Where to Stay in Australia: Accommodation Travel Tips

Australia has a wide range of accommodation options available for travelers on all budgets. Here’s everything you need to know about finding a place to stay, plus a few handy tips before you book.


Photo courtesy of Flickr.com, by [Professor Rogers]. Photo © Getty Images/Totajla

Finding Accommodation in Australia

Australia has a wide variety of places to stay to suit all budgets, from high-end luxury, campgrounds, beach houses and hostels. With festivals and events on year-round, it’s important to suss out what’s going on, and book accommodation well in advance for big events like New Year’s Eve in Sydney (when even locals will book beds to avoid having to fight for a taxi home after the midnight fireworks).


Hostels can vary greatly in standard and size, so look at reviews and ratings on online booking sites, and on social media. At a minimum, they should offer free WiFi, a kitchen, shared bathrooms, and several dorm rooms, and should be cheaper than hotels. Many hostels will offer same-sex as well as mixed dorms, with female-only rooms tending to book out fast. Some hostels will offer more expensive private rooms that couples, families or groups can book.

In hostels, you are expected to clean up after yourself, turn your phone on silent at night, and not to fall in the door drunk. Hostels are great places to make new travel buddies, with noticeboards often covered with signs looking for additional people to fill car spots on road trips and tours.

Flats and House Sharing

If you’re looking to stay longer than a few weeks, house sharing can be the most affordable option for travelers and can be easier than trying to find a house with locals who don’t want to search for a new flatmate every few months. Try flatmates.com.au or Domain.com.au to search for rooms, as well as Gumtree, the Australian equivalent of Craigslist.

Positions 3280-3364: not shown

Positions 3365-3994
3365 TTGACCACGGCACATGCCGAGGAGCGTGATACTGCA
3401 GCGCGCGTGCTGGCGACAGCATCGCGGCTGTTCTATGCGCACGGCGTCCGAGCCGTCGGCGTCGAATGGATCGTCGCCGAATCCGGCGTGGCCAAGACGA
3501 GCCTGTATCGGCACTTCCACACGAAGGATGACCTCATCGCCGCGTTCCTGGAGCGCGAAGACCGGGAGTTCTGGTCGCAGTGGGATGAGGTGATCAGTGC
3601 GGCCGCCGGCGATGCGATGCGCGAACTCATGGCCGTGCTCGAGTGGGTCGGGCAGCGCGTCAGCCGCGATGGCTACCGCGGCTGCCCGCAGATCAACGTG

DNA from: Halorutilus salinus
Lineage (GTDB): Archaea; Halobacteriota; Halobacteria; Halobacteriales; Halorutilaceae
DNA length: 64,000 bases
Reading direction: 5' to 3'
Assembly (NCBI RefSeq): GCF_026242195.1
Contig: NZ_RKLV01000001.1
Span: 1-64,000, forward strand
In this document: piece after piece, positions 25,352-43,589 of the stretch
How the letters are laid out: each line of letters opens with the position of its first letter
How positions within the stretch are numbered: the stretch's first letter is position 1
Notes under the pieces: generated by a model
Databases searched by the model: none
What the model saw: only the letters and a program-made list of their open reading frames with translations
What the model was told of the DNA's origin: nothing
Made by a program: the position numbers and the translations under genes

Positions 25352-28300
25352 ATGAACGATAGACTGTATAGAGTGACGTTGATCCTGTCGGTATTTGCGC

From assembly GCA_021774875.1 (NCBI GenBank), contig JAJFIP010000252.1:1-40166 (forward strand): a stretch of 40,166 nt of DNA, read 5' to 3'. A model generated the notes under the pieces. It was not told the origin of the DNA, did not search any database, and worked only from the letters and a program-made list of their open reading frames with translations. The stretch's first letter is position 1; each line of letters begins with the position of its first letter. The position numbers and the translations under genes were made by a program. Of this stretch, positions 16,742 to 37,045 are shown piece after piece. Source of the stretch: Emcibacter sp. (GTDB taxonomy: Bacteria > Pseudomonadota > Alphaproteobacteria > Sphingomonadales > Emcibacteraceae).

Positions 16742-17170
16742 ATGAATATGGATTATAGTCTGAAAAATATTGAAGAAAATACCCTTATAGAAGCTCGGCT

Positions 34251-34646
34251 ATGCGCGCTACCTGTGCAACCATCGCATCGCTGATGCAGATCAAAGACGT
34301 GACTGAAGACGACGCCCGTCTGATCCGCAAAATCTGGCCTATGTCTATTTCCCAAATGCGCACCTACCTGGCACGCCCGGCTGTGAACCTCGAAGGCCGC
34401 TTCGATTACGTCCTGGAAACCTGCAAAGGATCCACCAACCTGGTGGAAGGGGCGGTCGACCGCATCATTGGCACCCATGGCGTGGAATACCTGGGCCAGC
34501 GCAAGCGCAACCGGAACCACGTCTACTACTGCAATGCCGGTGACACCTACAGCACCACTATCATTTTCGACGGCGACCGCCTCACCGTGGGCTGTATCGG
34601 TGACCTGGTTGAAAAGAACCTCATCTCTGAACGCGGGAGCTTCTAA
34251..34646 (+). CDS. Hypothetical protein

Rent can be quoted weekly or monthly (it often varies between cities like Sydney and Melbourne), and bond is usually four weeks or one month’s rent.  If you have an informal or short-term agreement, try to negotiate on price. Breaking formal leases can cost you up to six weeks of rent (again, it varies by state), so make sure you know what you are agreeing to.

Try to get something in writing if you are signing up for anything longer than a few weeks, make sure you know what it includes, and understand the fine print. If you run into trouble, each state has a tenants’ union which may be able to provide you with advice and assistance.

Hotels and B&BS

Hotels and bed and breakfasts in Australia can be booked through the standard international booking sites like booking.com, hotels.com, Expedia, and TripAdvisor. Prices will climb when big events or festivals are on, so set a price alert if you’re working to a budget.

Prices should be inclusive of goods and services tax (GST) and not have any other costs on top unless you want parking, breakfast, or other services not included in the price.

Staying in a serviced apartment with a kitchen can be a good way to cut down on costs if you don’t want to stay in a hostel.

Outside of the cities, Australia has many affordable roadside motels and accommodation in pubs. It’s worth booking or calling ahead, as towns can be long distances apart, and being stuck without accommodation isn’t ideal.


Airbnb and other accommodation sharing sites are legal in Australia, although different states have different rules governing short-term rentals, and the rules around them continue to evolve.

In the big cities, you might be able to find better-priced accommodation in the suburbs, so do a little research to make sure there’s suitable public transport to get to the things you want to see.


With so many national parks and wide-open spaces across Australia, camping grounds are common outside of major cities and regional centers. Most campsites will have an online presence and can be booked in advance. Popular campsites might book out early when events are on, in particular, music festivals, and it can be illegal to camp on beaches or national parks without a permit, so always check online or with the locals before you set up camp. The National Parks and Wildlife Service website has details of campgrounds in national parks around the country, which are often in beautiful locations.

Rubber Tramping

Rubber tramping, or living in a van, has long been a popular way to get around Australia, particularly for surfers. Reddit has some handy forums on converting vans into comfortable living spaces, and tips for beating the heat during summer. 

Be mindful of where you can park, as inner-city residents are quick to complain about people living in vans parked outside hostels and other convenient locations.

*This article was updated in 2018.

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